I'd do it on a cool evening to save the buckets of sweat
+1 to that
One trick I learnt from watching the pro tour mechanics at the TDU is once you've got enough of the tire separated from the rim that you can get something round (like a screwdriver) between the rim and the tire, push it all the way through so you can grip both ends and then push or pull the screwdriver around the wheel to separate the glue. I've found this leaves a more uniform layer of glue on the rim than just yanking it off (but note, I do not advocate using the pointy end of a screwdriver to initiate the separation of tire and rim, you're just going to damage one or the other in the process).
If you're using the same type of glue and the existing layer is consistant, just layer over it like Blybo and Duckmeister have suggested. If you want/need to completely remove glue from a Zipp, they recommend a product called Goof Off which you should be able to get from Bunnings, it works better than acetone but won't destroy the resin used in the carbon rims. If you don't want a massive goopy mess, try to scrape off as much excess glue as possible before you start with the chemicals, I keep an old blunt butter knife in my tool kit for just such a reason, it's blunt enough to not damage the rim, round enough to get in to the rim bed and stiff enough to budge the old glue. Be prepared to spend a lot of time doing this, there's no way to cheat (but I'm open to suggestions)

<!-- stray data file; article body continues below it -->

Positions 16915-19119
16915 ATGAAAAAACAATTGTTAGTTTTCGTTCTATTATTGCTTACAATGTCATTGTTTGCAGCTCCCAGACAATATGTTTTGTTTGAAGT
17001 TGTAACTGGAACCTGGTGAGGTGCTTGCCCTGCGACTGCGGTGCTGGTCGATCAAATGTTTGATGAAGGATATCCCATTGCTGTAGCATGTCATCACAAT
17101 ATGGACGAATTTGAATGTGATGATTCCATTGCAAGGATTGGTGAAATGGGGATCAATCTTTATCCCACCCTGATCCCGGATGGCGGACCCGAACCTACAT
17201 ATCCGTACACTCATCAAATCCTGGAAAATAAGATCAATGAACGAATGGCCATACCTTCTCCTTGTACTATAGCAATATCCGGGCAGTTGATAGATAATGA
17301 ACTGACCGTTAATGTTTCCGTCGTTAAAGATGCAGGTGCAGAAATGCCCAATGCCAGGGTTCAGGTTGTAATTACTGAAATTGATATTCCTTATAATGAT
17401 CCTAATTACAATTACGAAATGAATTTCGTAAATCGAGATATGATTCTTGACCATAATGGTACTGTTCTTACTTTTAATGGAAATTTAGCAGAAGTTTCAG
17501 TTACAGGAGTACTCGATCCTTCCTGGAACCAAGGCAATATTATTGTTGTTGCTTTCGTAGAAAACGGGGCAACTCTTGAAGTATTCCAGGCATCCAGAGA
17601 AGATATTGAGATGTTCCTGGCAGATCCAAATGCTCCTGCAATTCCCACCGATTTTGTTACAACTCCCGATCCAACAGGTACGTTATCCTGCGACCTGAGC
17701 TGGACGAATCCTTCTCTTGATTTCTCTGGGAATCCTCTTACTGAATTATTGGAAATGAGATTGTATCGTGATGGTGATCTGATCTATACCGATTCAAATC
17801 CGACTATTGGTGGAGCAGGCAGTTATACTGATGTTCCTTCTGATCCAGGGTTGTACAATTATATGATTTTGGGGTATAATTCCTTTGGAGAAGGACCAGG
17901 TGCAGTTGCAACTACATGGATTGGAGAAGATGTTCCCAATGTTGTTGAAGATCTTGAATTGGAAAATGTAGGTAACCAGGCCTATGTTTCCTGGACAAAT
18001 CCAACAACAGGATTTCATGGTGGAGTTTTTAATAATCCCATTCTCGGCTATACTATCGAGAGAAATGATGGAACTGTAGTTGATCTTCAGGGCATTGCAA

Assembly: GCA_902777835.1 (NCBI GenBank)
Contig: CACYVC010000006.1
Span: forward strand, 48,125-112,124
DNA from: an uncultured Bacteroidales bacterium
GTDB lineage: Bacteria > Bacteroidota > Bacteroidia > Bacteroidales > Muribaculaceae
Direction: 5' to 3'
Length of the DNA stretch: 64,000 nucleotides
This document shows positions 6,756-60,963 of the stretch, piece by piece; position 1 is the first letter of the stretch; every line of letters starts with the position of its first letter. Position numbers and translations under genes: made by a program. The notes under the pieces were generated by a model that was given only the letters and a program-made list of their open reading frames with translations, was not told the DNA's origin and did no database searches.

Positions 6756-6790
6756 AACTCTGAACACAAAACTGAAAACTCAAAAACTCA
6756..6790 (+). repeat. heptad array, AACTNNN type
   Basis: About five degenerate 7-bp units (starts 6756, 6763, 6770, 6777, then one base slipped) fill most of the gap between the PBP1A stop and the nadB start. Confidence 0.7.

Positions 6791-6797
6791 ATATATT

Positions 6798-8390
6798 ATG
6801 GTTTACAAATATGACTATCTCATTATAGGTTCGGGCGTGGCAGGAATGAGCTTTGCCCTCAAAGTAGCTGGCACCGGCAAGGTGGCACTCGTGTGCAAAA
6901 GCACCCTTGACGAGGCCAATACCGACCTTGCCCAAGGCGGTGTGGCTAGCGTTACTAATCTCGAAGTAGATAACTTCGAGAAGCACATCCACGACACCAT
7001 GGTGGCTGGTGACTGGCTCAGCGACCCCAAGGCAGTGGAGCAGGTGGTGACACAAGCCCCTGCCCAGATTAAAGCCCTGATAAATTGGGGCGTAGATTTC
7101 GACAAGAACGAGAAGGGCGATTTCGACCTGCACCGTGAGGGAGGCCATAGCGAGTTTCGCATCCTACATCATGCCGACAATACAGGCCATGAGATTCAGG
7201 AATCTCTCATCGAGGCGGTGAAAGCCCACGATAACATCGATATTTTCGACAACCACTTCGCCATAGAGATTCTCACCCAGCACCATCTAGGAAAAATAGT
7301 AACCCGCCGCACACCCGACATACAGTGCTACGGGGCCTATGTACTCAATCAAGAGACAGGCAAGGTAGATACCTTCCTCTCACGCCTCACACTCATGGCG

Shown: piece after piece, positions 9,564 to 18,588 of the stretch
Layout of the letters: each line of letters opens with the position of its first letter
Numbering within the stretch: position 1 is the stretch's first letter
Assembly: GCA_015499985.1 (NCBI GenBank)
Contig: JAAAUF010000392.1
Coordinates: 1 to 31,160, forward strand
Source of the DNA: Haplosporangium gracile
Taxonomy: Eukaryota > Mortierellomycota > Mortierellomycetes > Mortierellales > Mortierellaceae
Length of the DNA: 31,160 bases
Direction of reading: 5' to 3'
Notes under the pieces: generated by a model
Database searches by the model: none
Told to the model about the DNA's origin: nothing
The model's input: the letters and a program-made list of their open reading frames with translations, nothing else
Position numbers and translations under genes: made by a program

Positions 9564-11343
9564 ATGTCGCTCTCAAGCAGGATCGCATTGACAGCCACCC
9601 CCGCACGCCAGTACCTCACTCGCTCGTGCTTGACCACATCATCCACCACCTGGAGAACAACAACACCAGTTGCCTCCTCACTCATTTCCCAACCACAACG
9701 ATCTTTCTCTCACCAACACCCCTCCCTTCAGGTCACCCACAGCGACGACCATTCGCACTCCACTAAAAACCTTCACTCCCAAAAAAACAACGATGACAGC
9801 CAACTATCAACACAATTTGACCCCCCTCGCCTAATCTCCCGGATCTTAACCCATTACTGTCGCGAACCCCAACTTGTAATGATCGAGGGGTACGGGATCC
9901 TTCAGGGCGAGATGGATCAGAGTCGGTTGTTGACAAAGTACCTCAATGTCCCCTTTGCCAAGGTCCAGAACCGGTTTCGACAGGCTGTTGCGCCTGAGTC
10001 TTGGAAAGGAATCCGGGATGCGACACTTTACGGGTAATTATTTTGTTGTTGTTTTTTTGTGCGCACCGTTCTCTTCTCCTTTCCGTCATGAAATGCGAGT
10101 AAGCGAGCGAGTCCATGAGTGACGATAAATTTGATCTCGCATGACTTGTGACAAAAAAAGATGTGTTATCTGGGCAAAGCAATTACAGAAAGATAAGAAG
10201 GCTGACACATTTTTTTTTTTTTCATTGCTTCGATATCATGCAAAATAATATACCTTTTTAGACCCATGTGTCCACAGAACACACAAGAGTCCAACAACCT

The best trick I've found in stretching new tubs is to seal the valve and soak the base tape in a bucket of water before stretching it over an old rim to dry overnight. This works best with conti's as their base tape isn't coated like some vittorias. Think of what stretching a wet cotton T-shirt does to it's shape and you're headed in the right direction. I don't have any old tubular rims so I've always stretched tires on an old clincher and never had a problem, even with a layer of glue on them.